One of the main differences between music recorded in the past and today's recordings is the use of click tracks to maintain a constant tempo. We can debate whether this is a good idea or not, but here's an easy-to-do tempo track tweak that can add a lot of impact to a song.
To add a pause, don't move audio around—just add a very short, very deep tempo cut.
Short, subliminal pauses can create a fleeting sensation of tension and anticipation that results when the music comes back in on the beat. These can be very short and still have the desired effect. For example, suppose you want to add a short, almost subliminal "dramatic pause" at some point, like just before some booming snare drum hit signals the start of the chorus. Although you could shift your tracks over a bit or insert some space, it's much easier to do a radical tempo drop (e.g., from 120 to 50 bpm) for a fraction of a beat where you want the dramatic pause. This sloooooows everything down enough to add the pause. (Ideally, you'd want something that sustains over the pause—silence, a pad, held note, etc.—but often, that's what will be happening anyway.)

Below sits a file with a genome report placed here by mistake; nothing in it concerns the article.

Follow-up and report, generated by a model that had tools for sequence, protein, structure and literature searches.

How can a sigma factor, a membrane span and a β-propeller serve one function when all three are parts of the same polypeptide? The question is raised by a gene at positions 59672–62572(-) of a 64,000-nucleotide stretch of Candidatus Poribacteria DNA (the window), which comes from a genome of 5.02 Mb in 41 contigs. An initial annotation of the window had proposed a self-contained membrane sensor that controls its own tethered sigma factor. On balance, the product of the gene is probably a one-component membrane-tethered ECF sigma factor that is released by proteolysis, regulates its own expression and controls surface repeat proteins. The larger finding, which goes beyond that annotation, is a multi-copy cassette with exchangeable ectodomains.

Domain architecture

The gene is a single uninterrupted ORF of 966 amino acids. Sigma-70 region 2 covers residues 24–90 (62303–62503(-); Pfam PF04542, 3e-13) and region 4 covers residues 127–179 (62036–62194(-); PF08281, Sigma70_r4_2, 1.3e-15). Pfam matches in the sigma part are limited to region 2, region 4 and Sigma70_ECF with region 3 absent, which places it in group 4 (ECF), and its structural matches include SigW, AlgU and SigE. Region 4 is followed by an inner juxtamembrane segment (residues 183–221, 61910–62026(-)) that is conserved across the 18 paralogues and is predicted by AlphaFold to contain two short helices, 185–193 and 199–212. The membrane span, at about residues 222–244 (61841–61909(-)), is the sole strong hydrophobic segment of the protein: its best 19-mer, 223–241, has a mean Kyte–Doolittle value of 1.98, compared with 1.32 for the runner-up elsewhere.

Give this technique a try in your music, because you just might find that it lets a song "breathe" more.
Over his career, Anderton has toured and recorded with the group Mandrake, wrote the seminal books Electronic Projects for Musicians and Home Recording for Musicians, foretold the rise of electronic dance music back in 1981, consulted for dozens of companies, and lectured on technology and the arts in 38 states, 10 countries, and in three languages.
Anderton created a mechanically programmable drum machine in 1970, invented multiband distortion, started the first media-rich website devoted exclusively to musicians in 1995 on AOL, and co-founded Electronic Musician magazine. He is currently working on a book series, "The Musician's Guide to Home Recording," for Hal Leonard..